An auto repair shop that claims a Mercedes-Benz dealership demanded kickbacks for customer referrals is suing the automaker and car dealer for $11.5 million.
The previous owner of the dealership, Estate Motors, had sponsored North State as an authorized Mercedes repair shop for 13 years.
North State said it invested hundreds of thousands of dollars on the training and equipment required by Mercedes.
The repair shop did more than $1.1 million a year in Mercedes repairs from 2014 to 2016, according to the lawsuit filed by company President Gregory Coccaro.
Mercedes completed a required two-year audit in early 2017, the complaint states, and deemed North State 100 percent compliant.
Then Estate Motors sold the Goldens Bridge dealership to Tom Maoli, owner of Celebrity Motor Car Co., a group of luxury car dealerships in northern New Jersey.
North State and Celebrity representatives met in May to discuss their arrangement. Celebrity’s service manager and body shop coordinator, according to the lawsuit, said North State does excellent work.
But they allegedly asked how much North State was willing to pay to continue as a sponsored Mercedes repair shop.
North State accused Celebrity representatives of demanding a kickback on every car referred to the shop, requiring the shop to use the dealer’s repair estimates and telling the shop to pay the dealer the entire markup on parts.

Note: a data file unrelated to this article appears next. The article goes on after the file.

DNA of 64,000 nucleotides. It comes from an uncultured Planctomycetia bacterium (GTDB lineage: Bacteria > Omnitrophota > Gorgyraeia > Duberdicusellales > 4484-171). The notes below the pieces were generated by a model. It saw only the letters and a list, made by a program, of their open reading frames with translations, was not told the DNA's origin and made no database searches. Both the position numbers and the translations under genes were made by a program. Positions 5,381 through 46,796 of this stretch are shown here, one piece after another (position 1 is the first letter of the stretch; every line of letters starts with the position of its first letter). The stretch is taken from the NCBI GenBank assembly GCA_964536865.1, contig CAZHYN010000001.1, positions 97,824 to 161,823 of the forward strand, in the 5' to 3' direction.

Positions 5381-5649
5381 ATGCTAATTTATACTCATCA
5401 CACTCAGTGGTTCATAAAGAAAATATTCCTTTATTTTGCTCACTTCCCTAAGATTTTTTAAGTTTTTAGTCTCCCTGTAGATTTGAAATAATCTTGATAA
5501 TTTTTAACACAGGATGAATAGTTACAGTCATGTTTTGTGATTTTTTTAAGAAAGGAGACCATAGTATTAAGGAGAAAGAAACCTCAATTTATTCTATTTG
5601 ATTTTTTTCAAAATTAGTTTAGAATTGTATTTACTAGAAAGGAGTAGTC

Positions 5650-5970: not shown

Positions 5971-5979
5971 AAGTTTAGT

They allegedly said repairs would be put out to bids, including to shops not certified by Mercedes, and the lowest bid would get the job.
North State representatives, the lawsuit states, responded that kickbacks are illegal and that giving customers a certificate of repairs on an estimate made by someone else is illegal.
They claimed that the Celebrity representatives declared, “these are the new rules,” and said they had no choice but to terminate its sponsorship.
A dealer spokesman, Larry Weiner, said Celebrity denies the allegations and is negotiating with North State to resolve the matter amicably.
North State asked a Mercedes-Benz official in Atlanta to reinstate the repair shop. The letter asked the official to “not condone these strong-arm tactics” and to make sure that certified shops are “not penalized for refusing to break the law.”
Mercedes did not re-authorize North State.
The lawsuit also names S&L Collision Center in Hawthorne, which it claims acceded to Celebrity’s demands.
Attempts to reach Mercedes and S&L Collision officials for a response were unsuccessful.